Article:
CLEARWATER — Having lived on the streets since 2014, when he said God ordered him to go out and watch over the homeless, Scott Elfstrom has seen new faces brought out by the typical drugs, despair or plain bad luck.
But a fresh wave of homeless has emerged downtown in recent months, unique from what he's seen before. Driven in part by a crackdown in St. Petersburg's Williams Park and Clearwater's Crest Lake Park, officials say transients are increasingly migrating to Clearwater's comfortable waterfront, bringing with them a drug that has challenged law enforcement agencies across Tampa Bay for years: spice.
"Everybody flooded here, and now all these people are getting arrested for spice, but they're all going to get out and come right back here and get high all over again," said Elfstrom, 50. "There's a bigger problem."
The uptick over the past six months of homeless downtown has been noticeable, with people sleeping in the foyers of buildings, lounging in Station Square Park and at the patio tables of restaurants, and lining up for near-daily meals at Peace Memorial Presbyterian Church. It also overlaps with the launch of the city's aggressive $55 million waterfront revitalization, Imagine Clearwater.
And the Church of Scientology's directive in May for its Sea Org staff to avoid downtown while in uniform took away a dominant presence on the streets, making the homeless even more conspicuous amid minimal foot traffic from shoppers.
This week, a consultant began what will be a two-month analysis of the city's homeless community to suggest ways to help those in need and improve the climate. Dr. Robert Marbut, whom the city will pay $18,603, spent his first two days undercover as a homeless person, sleeping outside and getting to know the issues firsthand.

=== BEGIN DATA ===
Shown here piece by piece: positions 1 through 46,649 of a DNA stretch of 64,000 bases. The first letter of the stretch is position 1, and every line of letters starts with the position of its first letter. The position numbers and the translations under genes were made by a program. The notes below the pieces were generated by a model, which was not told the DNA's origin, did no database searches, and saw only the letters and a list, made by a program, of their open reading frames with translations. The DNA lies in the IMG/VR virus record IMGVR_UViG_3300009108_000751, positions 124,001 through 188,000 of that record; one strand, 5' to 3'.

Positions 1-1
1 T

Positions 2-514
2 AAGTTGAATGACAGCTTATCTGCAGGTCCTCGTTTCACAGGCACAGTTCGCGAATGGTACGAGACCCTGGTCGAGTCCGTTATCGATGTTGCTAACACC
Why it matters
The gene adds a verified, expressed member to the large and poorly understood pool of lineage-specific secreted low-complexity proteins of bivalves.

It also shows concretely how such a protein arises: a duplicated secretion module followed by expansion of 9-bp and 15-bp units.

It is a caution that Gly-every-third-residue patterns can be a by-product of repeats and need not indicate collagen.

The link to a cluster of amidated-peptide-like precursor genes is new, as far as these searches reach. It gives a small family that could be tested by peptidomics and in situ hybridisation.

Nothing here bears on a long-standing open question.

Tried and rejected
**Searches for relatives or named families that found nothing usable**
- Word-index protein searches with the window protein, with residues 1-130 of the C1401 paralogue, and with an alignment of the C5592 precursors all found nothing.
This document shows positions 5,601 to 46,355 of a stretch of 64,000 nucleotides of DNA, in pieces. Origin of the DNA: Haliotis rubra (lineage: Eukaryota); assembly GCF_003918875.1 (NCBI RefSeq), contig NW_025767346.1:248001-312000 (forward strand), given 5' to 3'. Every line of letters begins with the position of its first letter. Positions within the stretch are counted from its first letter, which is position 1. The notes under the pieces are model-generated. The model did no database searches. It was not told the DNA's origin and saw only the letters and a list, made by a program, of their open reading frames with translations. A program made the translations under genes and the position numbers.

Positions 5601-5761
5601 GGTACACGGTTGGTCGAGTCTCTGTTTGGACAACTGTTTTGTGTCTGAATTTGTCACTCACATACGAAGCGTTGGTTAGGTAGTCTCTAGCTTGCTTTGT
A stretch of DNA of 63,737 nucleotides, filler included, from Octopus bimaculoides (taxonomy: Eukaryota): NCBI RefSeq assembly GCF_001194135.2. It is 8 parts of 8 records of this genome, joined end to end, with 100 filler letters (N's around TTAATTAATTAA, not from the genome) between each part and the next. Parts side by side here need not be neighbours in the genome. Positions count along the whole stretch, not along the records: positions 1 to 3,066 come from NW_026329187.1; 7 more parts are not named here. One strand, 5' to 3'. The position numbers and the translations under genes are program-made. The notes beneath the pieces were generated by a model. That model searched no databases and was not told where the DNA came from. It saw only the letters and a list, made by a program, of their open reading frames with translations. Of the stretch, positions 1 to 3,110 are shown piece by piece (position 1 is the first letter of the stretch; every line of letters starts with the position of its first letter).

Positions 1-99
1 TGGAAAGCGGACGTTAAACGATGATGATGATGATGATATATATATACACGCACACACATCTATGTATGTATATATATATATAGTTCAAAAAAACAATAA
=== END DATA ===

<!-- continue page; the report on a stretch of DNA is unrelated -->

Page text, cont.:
"There are things said on the street that are not said to public agencies," Marbut said in an interview.
Clearwater originally hired Marbut in 2012, and his recommendations resulted in the formation of the city's homeless committee, ongoing financial support of social service organizations, better coordination between the city staff and the Police Department, and more training for staffers who encounter the homeless, said community development manager Gabe Parra.
Parra said new strategies are needed now with the complications of spice and the "balloon effect" from the removal of homeless people from Crest Lake Park, Williams Park and surrounding hot spots.
"We are cognizant there is an increase in the homeless; we know people come from Pasco, from Hillsborough County," Parra said. "They come here because we have good services here, a beautiful beach, facilities where they can use the bathroom. We are continuing to address it."
Marbut said he could not speculate on what new strategies the city may need until his analysis is complete. But while homelessness is an element of many communities, he said the solutions vary on location and need updating over time.
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"The population changes so sometimes recommendations made X years ago won't work anymore," Marbut said. "Sometimes you've done all the channel-changing you can, but now you have to fine-tune it."